Discover the untold story of the Singapore Gurkha through the eyes of different generations who carried the famed kukri blade: The rigorous, punishing training that forges elite soldiers; the family lives of these paramilitary policemen; and the lengths their sons go to follow in their fathers’ footsteps.
Unlike today’s peaceful and secure Singapore, the early Gurkhas faced a vastly different world, cutting their teeth as policemen battling militant unions, communists and even protesting students. Hear from the pioneer batches of Gurkhas who served during some of the most tumultuous periods of our nation's history in the 1950s and 1960s.
Gurkhas are found all over the world and are often placed on the front lines of wars, conflicts or simply used to keep the peace. They have fought as British soldiers in the two World Wars, the Malayan Emergency, Indonesia’s Konfrontasi, the Falklands War and the Gulf War. They also take part in peacekeeping missions in several places around the world.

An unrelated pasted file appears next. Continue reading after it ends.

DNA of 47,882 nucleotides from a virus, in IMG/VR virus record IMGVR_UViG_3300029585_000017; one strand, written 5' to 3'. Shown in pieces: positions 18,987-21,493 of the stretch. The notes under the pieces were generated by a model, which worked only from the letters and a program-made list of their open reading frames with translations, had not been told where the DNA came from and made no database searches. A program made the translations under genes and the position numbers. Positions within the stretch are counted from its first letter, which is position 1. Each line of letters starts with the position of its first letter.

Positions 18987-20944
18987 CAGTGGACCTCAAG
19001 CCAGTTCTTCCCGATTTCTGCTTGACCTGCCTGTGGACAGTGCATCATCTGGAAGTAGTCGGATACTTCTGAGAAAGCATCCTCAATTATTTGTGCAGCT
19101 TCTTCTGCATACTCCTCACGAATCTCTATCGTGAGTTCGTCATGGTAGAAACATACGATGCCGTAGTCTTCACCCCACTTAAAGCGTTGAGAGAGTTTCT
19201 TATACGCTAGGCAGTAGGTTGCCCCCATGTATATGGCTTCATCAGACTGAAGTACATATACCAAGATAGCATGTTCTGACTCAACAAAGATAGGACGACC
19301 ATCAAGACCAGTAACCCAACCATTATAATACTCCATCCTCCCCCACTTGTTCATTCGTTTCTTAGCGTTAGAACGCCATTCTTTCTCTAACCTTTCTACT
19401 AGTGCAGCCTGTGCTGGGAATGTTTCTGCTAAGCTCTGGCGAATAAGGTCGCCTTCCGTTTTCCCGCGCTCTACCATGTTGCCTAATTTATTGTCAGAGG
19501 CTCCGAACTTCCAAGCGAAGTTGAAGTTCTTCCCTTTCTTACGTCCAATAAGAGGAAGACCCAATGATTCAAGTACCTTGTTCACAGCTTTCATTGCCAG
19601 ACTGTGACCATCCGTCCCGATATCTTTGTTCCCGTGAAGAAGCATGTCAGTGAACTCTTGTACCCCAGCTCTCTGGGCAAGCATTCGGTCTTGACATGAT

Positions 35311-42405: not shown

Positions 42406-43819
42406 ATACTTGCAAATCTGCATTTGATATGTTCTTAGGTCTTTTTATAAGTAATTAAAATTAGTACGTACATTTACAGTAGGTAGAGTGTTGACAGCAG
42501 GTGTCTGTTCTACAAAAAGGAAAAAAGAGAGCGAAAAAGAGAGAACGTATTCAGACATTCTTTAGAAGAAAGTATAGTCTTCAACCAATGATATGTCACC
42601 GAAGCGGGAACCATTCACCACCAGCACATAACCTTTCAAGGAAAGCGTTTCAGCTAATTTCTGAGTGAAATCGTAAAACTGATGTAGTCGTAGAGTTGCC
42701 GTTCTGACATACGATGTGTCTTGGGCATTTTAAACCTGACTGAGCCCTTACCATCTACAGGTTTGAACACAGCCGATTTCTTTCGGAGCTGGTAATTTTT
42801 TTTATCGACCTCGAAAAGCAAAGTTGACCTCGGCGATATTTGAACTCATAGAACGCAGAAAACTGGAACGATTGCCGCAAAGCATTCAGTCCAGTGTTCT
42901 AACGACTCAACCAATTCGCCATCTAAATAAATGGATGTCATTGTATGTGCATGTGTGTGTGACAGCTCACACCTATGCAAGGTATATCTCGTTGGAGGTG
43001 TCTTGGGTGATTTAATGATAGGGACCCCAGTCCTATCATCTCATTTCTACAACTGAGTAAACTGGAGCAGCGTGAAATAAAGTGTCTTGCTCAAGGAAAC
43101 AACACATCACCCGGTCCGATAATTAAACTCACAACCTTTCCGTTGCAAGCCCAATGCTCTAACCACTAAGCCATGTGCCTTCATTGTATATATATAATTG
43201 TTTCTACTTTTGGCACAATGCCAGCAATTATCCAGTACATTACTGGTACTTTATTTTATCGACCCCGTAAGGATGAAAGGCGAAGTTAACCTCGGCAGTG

For the sons of the Singapore Gurkhas, following in their fathers’ footsteps is an attractive way to escape unemployment and alienation in Nepal, a supposed homeland that is strange to them. Read about the dedication needed to train for the multiple hurdles on the route to being a gurkha, culminating in the brutal doko test - a 5km race uphill with baskets laden with 25kg of rocks strapped to their backs.
Chong Zi Liang is a sub-editor with The Straits Times whose features, columns and photo essays appear in Singapore’s national broadsheet.
In 2009, he worked for the Nepali Times in Nepal, where he first got to know the retired Singapore Gurkhas. The experience inspired him to base his final year project in university on the Gurkha Contingent of Singapore. You can view selected works from his reportage here.